The UAE is primed to be at the forefront of gender equality
The Global Women's Forum creates discussion and helps find solutions for the future
The United Nations’ sustainable development goals were developed to achieve, within the next decade, better living conditions for all. Importantly, in this list, gender equality is in the top five.
The significance of female empowerment and gender balance cannot be overstated. It is well understood here in the UAE, which leads the wider region when it comes to women in work, policy, government, culture – indeed, in all aspects of public life.
Credit for this is due to the foresight of the country’s founders in giving impetus to women’s rights
Ahead of the two-day Global Women’s Forum in Dubai, Sheikha Manal bint Mohammed, president of the UAE Gender Balance Council, spoke of the country’s progress. “The UAE has been at the forefront of women’s empowerment in the region and made outstanding progress in reducing the gender gap, achievements that have helped significantly raise the country’s rankings in global gender balance indicators.”
Women in the UAE occupy 44 per cent of leadership roles in federal government entities – a more substantive and healthier composite than many parliaments in older nations of the Western world. Strikingly, women in the UAE comprise 66 per cent of public sector workers and nor are those the last of the figures that signal cohesive development.
The women’s forum is then an important measure of how central a global gender balance is to the country’s vision of itself in the future. To enable the international community to come together and talk about big issues and form solutions is fitting for a country that has an already-impressive global stature in gender metrics.
Hosted by the UAE, the scope of the forum – drawing more than 3,000 delegates from 87 countries – is a matter of esteem. The calibre of the panel discussions and the intellectual heft of speakers and the ideas subsequently generated could frame policy in key sectors.
There are discussions slated on equality in the energy sector, empowering women entrepreneurs, and among a host of other topics, the role of social media networks. The theme, the power of influence, carries weight across disciplines.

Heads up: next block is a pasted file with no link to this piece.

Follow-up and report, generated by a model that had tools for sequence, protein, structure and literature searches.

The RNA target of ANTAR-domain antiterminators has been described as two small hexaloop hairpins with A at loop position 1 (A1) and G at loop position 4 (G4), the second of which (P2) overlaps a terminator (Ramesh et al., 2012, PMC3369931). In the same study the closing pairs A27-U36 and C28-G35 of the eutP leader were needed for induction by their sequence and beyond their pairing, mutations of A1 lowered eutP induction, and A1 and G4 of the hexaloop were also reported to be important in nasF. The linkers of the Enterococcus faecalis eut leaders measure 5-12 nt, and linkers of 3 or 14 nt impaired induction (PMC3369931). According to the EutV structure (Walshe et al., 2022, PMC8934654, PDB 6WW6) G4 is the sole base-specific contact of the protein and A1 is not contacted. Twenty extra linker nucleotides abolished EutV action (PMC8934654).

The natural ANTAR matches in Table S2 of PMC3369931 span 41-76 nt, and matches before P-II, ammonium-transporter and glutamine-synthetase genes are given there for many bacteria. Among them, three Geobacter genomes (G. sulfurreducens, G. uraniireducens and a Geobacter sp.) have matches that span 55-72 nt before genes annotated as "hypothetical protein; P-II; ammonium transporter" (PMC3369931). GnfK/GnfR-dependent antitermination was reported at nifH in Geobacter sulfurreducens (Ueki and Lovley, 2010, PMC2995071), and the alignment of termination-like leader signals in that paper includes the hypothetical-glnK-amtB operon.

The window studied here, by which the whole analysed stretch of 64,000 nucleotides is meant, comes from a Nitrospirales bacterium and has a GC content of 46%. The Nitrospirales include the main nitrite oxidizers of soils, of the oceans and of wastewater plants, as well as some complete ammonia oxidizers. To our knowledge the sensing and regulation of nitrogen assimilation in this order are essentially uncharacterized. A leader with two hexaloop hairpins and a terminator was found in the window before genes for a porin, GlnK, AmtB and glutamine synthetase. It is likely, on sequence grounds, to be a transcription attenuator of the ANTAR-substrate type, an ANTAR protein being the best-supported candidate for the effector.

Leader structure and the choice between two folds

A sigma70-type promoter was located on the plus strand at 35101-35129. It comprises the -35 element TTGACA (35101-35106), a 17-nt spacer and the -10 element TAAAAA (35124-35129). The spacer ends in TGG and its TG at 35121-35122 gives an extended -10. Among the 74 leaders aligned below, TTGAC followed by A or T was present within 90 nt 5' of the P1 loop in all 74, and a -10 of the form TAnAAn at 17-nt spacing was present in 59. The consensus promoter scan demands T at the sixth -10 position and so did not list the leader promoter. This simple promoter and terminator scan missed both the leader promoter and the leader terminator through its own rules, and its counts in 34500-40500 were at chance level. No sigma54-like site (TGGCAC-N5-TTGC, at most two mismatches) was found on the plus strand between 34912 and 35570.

That the country is hosting for the second time a forum of such importance highlights its commitment to being a frontrunner in the gender equality goals in not just the Arab World. Mona Al Marri, vice president of the UAE Gender Balance Council, told The National that the country was pushing to have longer maternity leave but that to achieve true gender equality, there needs to also be a push for an increase in paternity leave. In 2018, a law ensuring women are paid an equal wage to their male colleagues was approved by the UAE Cabinet.
The UAE is on track to implement several policies to help achieve its target of ranking among the world’s top 25 countries in gender balance by next year. Another sliver from the fact sheet that gauges the speed of the nation’s progress is that women represent 46.6 per cent of the workforce in the UAE, compared to 2.2 per cent in 1975. Not least of gender balancing measures is that today Emirati women represent 30 per cent of the UAE’s diplomatic corps.
It is a matter of immense pride for residents and citizens alike that women occupy top government positions, lead businesses and are indispensable to shaping the course of the country. It is only fitting that, as it hosts a high-profile forum, it should have such milestones under its belt. Credit for this is due to the foresight of the country’s founders in giving impetus to women’s rights. It is because of the work done by yesterday and today’s UAE leaders that young women can envision an equal footing and a dynamic future for themselves.
Updated: February 16, 2020 08:02 PM